Sithi Nakha is an important festival of the Newa community. The word “sithi” was modified from the Sanskrit word “Shashthi” meaning sixth and “nakha” in Nepal Bhasha, means festival. Thus, the name Sithi Nakha was given because it is celebrated on the sixth day of the bright fortnight in the month of Jestha.
On the day of Sithi Nakha, people usually clean nearby water sources such as wells, ponds, stone spouts. This festival emphasizes the value of nature and environment by ensuring the water sources are kept clean and the drainage around them is cleared so as to avoid the pollution of the water sources during the monsoon season. As the monsoon approaches, our bodies are also exposed to different types of bacteria. So to increase the immunity of one’s body, the special Newar cuisine namely Wo (a Newari food made of lentils) and Chatamari (a Newari dishes made of rice flour) are consumed on this day.
Many Newars also perform their Dewali Puja, the worship of the family deity, Digu Deya, during Sithi Nakha. Sithi Nakha is considered the last day for the Newar community to perform it as the festival marks the end of all festivals for the year. As the family deity is worshipped, this day also holds significance to newly married daughter-in-laws as they are welcomed into the family.
This day is also known as Kumar Shashthi as the festival is celebrated in honor of Kumar, the elder son of god Mahadev and goddess Parvati. Kumar is an important god for the Nepalese people. His many statues and idols can be seen sitting on a peacock and holding a spear. The pre-monsoons mark the mating period for peacocks, emphasizing Kumar’s connection to this particular time of year. Therefore, worshipping him is believed to bring a favorable rice harvest.
According to legends, Kumar and Ganesha were given a task to complete the journey to mount sumeru and back by their parents Lord shiva and Paravati. On completing his journey to Mount Sumeru and back, Kumar found that his parents had already granted the boon of a first offering to his brother Lord Ganesh even though he had not completed his journey to Mount Sumeru. Following the advice of an intelligent mouse, Lord Ganesh had tricked his parents, Lord Shiva and Parvati, to grant him the boon of first offering. Lord Ganesh requested his parents to stand together before him; then he made three rounds of the parents and then prostrated at their feet saying, “you are the Mount Sumeru and parents for me.” The parents without thinking twice bestowed upon Ganesh the boon of first offering. However, Lord Shiva and Parvati bestowed Kumar a boon not the full size offering like Ganesh received but about a half of it. Thus, Lord Kumar or Sithi dyo became eligible to receive not the first offering but only a half of regular offering made to Lord Ganesh.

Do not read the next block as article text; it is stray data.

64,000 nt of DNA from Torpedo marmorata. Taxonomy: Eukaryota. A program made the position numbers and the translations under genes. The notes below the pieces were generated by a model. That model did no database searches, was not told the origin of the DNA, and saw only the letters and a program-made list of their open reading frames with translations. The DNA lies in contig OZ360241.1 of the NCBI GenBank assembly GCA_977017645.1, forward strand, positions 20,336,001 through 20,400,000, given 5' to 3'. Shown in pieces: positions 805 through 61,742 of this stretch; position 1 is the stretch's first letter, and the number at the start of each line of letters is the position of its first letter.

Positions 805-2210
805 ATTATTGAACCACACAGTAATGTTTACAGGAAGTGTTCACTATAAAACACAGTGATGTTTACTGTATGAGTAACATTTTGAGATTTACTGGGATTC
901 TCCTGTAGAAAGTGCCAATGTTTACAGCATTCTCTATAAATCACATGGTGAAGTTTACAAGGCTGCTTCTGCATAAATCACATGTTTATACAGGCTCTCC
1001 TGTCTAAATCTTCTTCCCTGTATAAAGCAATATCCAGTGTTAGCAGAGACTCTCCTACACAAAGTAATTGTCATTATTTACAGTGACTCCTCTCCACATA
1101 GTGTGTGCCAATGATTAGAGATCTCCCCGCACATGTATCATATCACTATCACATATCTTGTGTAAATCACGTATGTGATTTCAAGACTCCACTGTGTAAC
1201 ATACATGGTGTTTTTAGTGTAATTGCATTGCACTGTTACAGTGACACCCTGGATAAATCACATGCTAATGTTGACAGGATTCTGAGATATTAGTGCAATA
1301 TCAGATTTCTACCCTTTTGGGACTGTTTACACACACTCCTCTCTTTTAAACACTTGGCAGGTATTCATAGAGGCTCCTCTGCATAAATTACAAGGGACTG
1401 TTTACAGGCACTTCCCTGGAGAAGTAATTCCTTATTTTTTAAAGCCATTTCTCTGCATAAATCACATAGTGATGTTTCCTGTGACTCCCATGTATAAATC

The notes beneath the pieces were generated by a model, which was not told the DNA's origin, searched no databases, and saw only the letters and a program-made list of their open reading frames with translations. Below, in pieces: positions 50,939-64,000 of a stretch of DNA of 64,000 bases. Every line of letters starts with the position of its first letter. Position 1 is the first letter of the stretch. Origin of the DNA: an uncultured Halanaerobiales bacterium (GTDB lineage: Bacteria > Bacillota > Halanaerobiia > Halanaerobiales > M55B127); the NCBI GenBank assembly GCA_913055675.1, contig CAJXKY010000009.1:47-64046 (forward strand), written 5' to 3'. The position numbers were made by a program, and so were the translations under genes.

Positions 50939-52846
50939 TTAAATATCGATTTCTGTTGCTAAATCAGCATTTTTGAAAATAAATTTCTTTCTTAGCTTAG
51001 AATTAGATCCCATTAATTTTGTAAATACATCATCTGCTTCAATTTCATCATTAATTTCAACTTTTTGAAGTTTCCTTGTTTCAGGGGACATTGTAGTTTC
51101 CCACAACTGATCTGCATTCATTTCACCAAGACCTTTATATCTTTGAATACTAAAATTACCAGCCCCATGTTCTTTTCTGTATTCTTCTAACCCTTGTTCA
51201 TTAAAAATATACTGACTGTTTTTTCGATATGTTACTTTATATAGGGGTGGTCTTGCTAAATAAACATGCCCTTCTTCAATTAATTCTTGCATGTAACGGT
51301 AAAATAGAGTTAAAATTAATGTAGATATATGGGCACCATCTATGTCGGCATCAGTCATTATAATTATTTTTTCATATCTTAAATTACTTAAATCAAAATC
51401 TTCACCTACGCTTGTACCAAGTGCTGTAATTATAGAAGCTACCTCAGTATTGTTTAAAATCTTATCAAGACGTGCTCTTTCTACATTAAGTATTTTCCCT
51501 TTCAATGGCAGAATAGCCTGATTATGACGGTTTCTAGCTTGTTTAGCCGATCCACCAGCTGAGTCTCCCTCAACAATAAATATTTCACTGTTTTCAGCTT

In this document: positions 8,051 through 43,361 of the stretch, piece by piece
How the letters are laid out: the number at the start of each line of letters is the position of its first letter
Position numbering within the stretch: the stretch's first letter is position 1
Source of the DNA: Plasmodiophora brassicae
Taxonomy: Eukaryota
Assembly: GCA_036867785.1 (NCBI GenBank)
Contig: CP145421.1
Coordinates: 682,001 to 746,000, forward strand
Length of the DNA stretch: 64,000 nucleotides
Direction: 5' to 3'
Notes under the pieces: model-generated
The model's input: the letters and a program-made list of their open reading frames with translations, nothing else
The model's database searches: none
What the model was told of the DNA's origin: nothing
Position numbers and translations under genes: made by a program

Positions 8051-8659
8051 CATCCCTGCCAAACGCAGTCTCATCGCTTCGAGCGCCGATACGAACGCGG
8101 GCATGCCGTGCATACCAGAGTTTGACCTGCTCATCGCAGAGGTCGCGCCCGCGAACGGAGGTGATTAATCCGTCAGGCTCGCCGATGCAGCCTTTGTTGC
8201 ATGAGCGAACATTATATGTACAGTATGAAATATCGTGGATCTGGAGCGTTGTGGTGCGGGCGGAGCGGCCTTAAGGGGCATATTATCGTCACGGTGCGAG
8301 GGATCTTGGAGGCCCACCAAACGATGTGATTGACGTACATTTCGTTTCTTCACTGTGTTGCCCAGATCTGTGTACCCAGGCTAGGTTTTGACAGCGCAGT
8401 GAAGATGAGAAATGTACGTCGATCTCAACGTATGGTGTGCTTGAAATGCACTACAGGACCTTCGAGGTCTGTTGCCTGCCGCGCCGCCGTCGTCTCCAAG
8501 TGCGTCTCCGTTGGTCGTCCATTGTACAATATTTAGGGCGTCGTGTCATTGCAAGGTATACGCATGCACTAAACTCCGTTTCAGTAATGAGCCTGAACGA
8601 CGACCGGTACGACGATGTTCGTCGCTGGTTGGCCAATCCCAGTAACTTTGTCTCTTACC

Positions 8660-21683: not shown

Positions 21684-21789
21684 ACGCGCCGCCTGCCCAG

Since then, tradition dictates that the first offerings be made to Lord Ganesh before making offerings to any other deity, and none of the deities accept the offerings made without making offerings first to Lord Ganesh. As for Lord Kumar, Newars worship the pikhalakhu in his name, an eight-petal stone lotus set at the main entrance to every Newar house. “Pikha” means outside and “lakhu” means the rivers nearby. It is a small circle or a mandap drawn outside each household of the Newar community.